Thomas West (@IntermarkLS) has tweeted:
“In BrE I keep seeing things like “the last address you notified to the company” and “the complaint notified to the police.” This sounds so wrong in AmE (we notify someone of something; we don’t notify something to someone).”
I refer him to the OED, which gives the following quotation from the Rolls of Parliament in 1433:
“The whiche offre and agrement..[was] notified and communed to all the Lordes.”
On this side of the Atlantic, we have recently acquired an American usage which sounds equally wrong to me, and was until this year very unusual in the UK: the verb “mandate” to mean “compel” (why not use compel, which is not ambiguous?). The problem here is that the normal meaning of the word in British English is “authorise”. The difference, I suppose, is that while both usages are transitive, the AmE usage may be to mandate something, while the BrE usage is only to mandate someone to do something – which AE can also have. So when we read that President Biden has mandated an organisation to enforce the wearing of masks, I wonder why this is so contentious, because to me, the meaning of this sentence is that he has authorised that organisation to enforce mask wearing if it wishes to. The use of notify, however, while it may sound wrong to AmE speakers, at least is not confusing – there is no other meaning of notify.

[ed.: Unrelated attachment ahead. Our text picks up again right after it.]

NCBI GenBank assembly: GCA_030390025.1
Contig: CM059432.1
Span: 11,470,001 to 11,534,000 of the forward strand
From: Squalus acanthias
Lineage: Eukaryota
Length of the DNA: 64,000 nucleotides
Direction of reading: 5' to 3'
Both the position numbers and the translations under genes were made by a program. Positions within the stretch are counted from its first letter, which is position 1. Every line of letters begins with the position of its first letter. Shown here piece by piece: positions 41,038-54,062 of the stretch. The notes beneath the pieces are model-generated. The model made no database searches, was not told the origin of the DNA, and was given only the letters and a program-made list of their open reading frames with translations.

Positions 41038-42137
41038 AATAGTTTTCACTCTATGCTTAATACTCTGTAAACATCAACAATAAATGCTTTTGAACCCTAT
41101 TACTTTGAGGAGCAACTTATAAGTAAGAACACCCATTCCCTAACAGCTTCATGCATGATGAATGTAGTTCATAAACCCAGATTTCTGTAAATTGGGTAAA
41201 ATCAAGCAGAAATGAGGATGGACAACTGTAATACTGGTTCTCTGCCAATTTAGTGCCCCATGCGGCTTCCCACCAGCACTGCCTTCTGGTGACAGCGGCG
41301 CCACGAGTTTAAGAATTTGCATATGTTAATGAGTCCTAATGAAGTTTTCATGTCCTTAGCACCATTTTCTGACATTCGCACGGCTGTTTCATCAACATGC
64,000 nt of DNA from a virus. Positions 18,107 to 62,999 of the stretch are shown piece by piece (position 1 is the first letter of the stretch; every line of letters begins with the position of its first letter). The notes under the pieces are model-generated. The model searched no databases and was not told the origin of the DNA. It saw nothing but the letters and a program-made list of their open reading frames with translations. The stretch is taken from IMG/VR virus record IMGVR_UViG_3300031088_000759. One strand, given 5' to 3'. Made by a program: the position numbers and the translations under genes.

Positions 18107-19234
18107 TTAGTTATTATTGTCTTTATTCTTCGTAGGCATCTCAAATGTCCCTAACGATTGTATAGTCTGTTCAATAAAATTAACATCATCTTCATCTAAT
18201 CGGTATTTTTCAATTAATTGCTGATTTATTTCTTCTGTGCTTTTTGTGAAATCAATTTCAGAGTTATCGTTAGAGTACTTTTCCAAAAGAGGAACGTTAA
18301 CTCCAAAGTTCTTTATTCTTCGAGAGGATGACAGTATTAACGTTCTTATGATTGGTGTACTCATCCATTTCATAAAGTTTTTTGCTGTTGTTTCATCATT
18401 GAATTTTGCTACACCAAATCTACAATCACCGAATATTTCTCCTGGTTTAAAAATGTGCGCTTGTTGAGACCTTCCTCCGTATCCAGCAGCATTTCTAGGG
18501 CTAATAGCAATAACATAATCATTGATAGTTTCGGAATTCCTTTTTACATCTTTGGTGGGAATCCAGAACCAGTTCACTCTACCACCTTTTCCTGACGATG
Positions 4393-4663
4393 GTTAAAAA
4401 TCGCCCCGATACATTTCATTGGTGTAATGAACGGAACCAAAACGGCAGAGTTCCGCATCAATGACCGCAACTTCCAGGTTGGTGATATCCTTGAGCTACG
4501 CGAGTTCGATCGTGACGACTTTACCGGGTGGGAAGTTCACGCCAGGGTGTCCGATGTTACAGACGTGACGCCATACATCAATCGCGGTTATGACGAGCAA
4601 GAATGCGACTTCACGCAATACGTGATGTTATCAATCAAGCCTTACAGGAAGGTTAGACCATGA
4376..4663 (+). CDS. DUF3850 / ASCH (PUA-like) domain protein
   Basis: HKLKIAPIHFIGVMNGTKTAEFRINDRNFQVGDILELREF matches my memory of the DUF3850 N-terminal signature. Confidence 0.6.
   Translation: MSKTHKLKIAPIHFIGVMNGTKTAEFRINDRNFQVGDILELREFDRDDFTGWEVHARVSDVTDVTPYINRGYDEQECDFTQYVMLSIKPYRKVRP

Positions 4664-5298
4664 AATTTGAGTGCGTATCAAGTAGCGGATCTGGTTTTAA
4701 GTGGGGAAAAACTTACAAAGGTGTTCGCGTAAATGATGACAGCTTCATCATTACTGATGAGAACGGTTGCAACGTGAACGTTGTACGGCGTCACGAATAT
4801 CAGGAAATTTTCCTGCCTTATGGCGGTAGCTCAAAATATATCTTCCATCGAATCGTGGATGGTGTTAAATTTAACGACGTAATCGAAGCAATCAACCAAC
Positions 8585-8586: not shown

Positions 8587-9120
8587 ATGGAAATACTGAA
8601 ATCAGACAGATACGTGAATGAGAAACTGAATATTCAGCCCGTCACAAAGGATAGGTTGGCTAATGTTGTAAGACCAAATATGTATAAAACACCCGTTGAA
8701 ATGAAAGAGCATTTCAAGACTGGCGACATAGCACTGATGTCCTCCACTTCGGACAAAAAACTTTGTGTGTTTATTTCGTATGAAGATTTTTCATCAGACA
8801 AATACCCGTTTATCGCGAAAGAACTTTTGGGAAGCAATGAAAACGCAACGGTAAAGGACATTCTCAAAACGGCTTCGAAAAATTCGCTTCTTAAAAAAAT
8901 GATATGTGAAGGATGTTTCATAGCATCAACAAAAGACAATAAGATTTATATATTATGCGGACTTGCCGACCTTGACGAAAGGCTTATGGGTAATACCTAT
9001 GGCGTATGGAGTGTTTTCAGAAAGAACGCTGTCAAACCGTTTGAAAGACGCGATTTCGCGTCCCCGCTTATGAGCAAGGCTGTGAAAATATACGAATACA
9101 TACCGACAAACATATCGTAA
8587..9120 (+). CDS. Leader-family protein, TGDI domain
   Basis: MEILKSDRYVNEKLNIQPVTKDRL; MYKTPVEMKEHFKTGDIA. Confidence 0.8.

Sanction is another word with confusing uses. And in this case, the two uses are diametrically opposed. The earliest example quoted in OED is its use as a noun in 1570, where it refers to an ecclesiastical decree (with no sense of either condemnation or approval). Within a hundred years this had become “the penalty enacted in order to enforce obedience to a law”, but at the same time a sanction could now also be the reward for obeying a law (quotations given from 1696 and 1692 respectively).
Since at least the 18th century, a further extension of its meaning has become “something which serves to support, authorize, or confirm an action, procedure, etc.”, with an example from 1727. It is an easy step from there to “permission”.
Interestingly, OED has a quotation from Richard Baxter (1651): “The Law hath two parts, the mandate and the sanction.” Interpret that as you wish!